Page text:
- You notice that the heating element looks burned. Do you notice burn marks around the heating element? That’s not supposed to happen. It suggests that your fireplace was so hot, it almost caught fire.
- The heat sensor or heating element looks cracked or otherwise appears to be broken. If you can confidently replace it, then do so on your own. Most owners’ manuals have a guide on this. If you don’t feel like you can do it on your own, call a repairman immediately.
Do electric fireplaces need ventilation?
Unlike gas fireplaces or wood-burning fireplaces, electric fireplaces do not make emissions when they produce heat. They’re efficient like that. This means that you will not need to add any kind of ventilation to a room with an electric fireplace. If you want to have a fireplace but don’t have a well-ventilated area, an electric model is your best bet.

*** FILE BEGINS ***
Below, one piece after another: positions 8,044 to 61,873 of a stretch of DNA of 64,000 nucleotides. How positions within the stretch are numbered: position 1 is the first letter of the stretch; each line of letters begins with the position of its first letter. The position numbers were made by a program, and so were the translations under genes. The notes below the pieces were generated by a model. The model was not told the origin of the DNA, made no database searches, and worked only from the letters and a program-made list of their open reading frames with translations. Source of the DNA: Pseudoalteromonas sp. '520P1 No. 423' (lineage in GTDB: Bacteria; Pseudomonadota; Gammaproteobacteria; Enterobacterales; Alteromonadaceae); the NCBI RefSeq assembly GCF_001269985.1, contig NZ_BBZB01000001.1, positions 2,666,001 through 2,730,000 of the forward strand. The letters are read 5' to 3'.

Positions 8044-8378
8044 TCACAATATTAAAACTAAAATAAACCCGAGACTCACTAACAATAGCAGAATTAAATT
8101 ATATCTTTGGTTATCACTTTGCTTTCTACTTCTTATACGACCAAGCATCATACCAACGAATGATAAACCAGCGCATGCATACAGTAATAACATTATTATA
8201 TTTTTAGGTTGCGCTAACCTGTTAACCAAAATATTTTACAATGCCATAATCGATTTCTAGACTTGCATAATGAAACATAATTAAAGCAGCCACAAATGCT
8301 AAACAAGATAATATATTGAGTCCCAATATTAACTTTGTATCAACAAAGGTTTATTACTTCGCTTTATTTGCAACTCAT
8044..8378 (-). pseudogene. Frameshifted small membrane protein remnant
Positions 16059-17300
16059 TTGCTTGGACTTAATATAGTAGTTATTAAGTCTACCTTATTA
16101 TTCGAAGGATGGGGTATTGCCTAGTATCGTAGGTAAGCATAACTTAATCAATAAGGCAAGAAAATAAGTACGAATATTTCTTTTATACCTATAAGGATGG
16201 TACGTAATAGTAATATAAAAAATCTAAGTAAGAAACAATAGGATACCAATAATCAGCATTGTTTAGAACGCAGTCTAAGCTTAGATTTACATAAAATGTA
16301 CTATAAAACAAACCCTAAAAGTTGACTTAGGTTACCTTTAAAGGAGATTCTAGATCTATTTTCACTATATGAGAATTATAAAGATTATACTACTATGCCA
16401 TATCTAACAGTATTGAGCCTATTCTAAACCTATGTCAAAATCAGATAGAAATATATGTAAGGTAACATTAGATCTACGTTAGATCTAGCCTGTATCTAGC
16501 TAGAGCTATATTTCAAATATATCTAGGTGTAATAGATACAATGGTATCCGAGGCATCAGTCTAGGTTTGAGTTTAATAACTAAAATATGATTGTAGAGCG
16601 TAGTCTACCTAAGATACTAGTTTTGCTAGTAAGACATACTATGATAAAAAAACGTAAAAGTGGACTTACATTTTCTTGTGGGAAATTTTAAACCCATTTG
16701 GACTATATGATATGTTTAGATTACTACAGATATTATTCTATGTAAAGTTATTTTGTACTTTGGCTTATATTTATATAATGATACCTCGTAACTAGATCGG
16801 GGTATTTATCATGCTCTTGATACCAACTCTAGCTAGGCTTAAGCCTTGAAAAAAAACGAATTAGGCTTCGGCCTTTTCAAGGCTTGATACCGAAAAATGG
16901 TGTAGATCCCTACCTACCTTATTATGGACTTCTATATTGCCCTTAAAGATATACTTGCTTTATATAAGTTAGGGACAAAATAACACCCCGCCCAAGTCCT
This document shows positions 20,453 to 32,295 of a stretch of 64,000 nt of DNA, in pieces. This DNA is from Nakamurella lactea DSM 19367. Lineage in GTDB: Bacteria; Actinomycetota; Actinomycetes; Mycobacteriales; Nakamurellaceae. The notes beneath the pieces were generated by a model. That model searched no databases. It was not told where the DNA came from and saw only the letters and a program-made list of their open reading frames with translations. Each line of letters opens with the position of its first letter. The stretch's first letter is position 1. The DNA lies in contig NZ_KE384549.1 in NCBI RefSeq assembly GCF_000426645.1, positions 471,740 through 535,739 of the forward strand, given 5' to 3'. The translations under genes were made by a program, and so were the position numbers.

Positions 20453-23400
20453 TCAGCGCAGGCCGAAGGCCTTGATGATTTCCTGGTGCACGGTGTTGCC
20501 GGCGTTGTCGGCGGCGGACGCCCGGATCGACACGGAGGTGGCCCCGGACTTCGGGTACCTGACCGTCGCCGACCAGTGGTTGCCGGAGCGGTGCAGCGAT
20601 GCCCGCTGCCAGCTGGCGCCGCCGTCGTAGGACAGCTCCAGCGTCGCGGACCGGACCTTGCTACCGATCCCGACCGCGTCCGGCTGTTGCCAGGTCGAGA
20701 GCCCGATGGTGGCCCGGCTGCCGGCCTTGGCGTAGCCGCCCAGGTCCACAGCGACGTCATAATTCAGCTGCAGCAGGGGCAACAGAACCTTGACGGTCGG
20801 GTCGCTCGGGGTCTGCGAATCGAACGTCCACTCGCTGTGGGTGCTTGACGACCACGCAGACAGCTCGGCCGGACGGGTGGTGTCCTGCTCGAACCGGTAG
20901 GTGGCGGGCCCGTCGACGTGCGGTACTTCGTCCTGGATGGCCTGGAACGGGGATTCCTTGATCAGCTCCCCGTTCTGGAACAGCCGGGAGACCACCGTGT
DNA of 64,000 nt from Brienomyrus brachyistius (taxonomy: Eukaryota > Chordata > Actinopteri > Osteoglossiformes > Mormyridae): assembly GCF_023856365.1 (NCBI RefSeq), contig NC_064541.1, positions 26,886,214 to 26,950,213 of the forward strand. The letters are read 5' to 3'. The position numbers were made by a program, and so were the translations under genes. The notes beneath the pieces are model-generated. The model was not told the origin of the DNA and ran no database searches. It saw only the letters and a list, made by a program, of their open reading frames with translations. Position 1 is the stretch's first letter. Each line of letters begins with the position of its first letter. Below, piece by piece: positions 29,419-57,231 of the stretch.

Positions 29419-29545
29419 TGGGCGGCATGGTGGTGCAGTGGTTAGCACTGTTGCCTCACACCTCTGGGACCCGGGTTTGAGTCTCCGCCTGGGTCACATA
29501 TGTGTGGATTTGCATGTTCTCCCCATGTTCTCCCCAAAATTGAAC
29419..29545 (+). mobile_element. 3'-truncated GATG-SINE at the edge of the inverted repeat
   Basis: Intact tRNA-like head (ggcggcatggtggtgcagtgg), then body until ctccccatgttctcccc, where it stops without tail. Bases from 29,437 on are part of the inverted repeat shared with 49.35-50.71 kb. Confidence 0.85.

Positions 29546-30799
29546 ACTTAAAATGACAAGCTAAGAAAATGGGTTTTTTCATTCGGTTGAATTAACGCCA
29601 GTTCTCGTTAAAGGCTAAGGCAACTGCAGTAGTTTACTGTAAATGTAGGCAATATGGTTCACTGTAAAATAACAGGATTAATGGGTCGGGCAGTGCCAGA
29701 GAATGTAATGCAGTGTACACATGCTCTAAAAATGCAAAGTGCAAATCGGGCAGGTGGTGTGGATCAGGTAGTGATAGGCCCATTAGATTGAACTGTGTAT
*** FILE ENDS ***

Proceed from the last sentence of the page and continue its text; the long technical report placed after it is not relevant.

Do electric fireplaces need gas lines?
While electric fireplaces do give off a fair amount of heat, they do not need a gas line to do it. This is why they are most popular in homes that are not pre-fitted with a gas line.
How long do electric fireplaces last?
Though they often are derided as being cheaply made, electric fireplaces are anything but. A typical electric fireplace will be able to remain in working order for anywhere from 10 to 20 years before needing to be replaced. In some cases, it’s even possible to see a fireplace last for as much as 25 years or more.
Ossiana Tepfenhart is an expert writer, focusing on interior design and general home tips. Writing is her life, and it's what she does best. Her interests include art and real estate investments.